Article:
The architects from JMK Architects base their designs on the concept of architecture being grounded in its place: the natural environment and surrounding landscape are key elements in their designs, as they strive to create structures that respond to their each of their unique natural contexts. The “Oxbow Lane” home that you’ll see in this tour is a manifestation of this context-based architectural philosophy. Situated on a hilltop in Greenwich, Connecticut, this rural home began as an existing modular home from the 60s, re-designed by JMK with the ecology at the forefront. The new layout is characterized by features that connect the building to the surrounding landscape; likewise, the architects have used many eco-friendly building practices and materials that emphasize the importance of the natural environment.
The hilltop home overlooks a fast-moving stream in the New Haven countryside. The nearby town centre is rooted in history and is listed on the National Historic Register, and the wooded, hilly countryside holds centuries of both cultural and ecological importance. Given the rich context of this home’s environment, the architects have undergone this renovation project with a deep appreciation of the surrounding area, placing a sense of establishment and connection at the forefront of their renovation. The existing home had been built in the 1960s, and suffered from low ceilings, poor insulation, and a closed-off feeling that produced a lack of connection to the outdoors.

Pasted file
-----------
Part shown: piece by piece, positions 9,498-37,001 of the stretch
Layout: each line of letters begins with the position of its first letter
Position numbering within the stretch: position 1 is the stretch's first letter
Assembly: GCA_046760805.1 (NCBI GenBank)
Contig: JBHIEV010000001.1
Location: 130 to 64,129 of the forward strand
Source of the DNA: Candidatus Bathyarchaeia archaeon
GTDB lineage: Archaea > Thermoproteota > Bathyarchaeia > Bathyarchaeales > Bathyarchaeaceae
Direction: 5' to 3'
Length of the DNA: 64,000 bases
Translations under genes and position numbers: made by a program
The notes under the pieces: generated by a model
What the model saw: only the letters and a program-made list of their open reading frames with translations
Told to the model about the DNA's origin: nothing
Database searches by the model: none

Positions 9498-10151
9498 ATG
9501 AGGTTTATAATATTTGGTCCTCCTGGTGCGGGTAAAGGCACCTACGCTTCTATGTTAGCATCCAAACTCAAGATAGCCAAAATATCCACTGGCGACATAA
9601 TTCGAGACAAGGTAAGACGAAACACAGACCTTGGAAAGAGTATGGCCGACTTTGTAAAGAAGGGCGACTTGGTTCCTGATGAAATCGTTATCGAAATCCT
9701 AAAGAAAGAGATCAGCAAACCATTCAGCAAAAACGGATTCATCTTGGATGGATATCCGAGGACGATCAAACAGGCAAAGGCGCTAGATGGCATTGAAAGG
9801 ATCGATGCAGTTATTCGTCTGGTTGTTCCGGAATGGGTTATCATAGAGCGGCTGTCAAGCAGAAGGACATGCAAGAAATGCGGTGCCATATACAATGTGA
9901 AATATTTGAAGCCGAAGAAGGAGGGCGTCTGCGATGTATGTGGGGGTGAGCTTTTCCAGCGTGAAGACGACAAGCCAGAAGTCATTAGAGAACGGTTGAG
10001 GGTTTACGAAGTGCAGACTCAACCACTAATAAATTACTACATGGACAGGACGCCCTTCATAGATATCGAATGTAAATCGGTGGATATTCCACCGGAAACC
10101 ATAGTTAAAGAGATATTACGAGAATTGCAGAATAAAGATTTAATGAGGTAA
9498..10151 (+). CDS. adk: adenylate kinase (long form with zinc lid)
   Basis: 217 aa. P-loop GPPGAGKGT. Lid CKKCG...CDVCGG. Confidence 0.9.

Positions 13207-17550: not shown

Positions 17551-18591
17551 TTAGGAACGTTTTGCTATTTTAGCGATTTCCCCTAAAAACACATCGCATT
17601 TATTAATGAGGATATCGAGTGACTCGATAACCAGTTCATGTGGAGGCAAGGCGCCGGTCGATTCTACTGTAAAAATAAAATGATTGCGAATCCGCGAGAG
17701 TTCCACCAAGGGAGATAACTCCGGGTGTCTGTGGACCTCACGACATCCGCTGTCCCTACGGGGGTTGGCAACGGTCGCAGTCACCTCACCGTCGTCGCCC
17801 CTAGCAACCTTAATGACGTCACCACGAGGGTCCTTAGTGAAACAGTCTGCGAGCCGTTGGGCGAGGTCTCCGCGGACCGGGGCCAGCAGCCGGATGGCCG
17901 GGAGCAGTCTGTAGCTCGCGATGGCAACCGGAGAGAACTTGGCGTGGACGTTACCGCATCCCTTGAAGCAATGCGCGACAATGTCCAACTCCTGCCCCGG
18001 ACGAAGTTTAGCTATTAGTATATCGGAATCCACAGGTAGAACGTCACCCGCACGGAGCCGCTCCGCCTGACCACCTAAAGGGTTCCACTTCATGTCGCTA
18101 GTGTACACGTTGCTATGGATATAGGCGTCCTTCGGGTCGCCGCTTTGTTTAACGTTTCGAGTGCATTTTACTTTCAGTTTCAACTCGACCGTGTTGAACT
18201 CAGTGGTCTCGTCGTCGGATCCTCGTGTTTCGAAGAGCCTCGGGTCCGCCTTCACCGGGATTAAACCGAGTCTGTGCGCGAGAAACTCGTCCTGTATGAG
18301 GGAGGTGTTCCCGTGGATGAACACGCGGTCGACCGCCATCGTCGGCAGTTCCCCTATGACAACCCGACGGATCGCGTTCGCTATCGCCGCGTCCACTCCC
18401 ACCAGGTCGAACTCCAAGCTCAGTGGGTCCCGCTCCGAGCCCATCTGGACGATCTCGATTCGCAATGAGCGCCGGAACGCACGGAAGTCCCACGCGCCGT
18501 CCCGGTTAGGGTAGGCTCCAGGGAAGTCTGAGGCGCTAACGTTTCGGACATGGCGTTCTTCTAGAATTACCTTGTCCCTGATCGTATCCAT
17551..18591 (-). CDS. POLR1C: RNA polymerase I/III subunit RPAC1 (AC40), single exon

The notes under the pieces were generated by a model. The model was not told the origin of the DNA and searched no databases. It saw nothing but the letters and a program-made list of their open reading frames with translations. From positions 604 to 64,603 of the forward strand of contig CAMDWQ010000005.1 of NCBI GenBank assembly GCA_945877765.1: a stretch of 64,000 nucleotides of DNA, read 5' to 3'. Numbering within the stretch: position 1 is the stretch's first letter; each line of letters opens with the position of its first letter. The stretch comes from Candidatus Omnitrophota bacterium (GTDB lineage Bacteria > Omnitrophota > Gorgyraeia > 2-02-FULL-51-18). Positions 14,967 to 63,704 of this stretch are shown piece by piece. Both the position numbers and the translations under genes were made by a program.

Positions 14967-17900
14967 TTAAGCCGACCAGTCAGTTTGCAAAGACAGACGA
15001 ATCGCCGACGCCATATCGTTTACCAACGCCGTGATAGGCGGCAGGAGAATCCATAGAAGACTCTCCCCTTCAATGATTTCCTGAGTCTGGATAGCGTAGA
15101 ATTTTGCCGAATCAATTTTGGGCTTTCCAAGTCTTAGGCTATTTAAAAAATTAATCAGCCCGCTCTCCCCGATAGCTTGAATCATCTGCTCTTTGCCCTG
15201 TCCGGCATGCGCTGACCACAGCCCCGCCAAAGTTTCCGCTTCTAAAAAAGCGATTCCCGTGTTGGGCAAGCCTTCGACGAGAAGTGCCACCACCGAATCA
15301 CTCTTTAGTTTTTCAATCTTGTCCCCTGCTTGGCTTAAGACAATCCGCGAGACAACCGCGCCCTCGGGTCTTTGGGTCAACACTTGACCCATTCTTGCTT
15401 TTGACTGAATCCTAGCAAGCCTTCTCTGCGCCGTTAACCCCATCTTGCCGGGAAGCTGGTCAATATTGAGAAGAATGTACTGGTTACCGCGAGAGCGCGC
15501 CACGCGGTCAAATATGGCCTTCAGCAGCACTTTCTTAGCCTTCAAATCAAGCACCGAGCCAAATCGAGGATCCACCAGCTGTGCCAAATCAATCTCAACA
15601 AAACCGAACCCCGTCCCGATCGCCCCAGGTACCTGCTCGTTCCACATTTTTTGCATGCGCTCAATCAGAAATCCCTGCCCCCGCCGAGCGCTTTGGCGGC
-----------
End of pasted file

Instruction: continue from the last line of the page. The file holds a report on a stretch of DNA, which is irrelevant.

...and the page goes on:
The architects removed everything but the foundation of the existing home and expanded the main floor with the cantilevered design that creates an elevated feeling, akin to looking out from a treehouse. New floor-to-ceiling windows also feature prominently in the new home, in an effort to connect every room in the home to the outdoor world that surrounds it. This view in particular illustrates the carefully considered orientation of the home upon the slope, the new floor expansion taking advantage of scenic hillside views.
These elevation views illustrate the home’s expansion; the architects have effectively increased the floorplan of the home to 4,000 square feet while making a minimal impact on the topography of the site through their cantilevered platform design.
The exterior materials offer an effortless, natural appearance that keeps a low profile by blending into the natural context. Not only this, but they favor the environment through their eco-friendly production: the roof is made of reclaimed metal made into shingles, with a shell of renewable, non-toxic white cedar acting as an exterior rain shield. The walls feature closed-cell insulation, and the lighting in the interior is all LED, contributing to the sustainable nature of the home.
The new open floor plan is filled with light, thanks to the generous array of windows that line the home. Large doorways open up to a cathedral ceiling in the main room, allowing light and air to circulate easily from room to room. A homogenous white oak board floor throughout the main floor contributes to the cohesive, open nature of the space.
This living room fireplace design offers the best of both worlds: a classic, heartwarming interior environment, framed by stunning views of the forest. Surrounded by glass, this fireplace acts as a central gathering place with a beautiful balance of interior and exterior worlds.
Tour another innovative, eco-friendly home in this ideabook: Meet WaterNest 100: the home that floats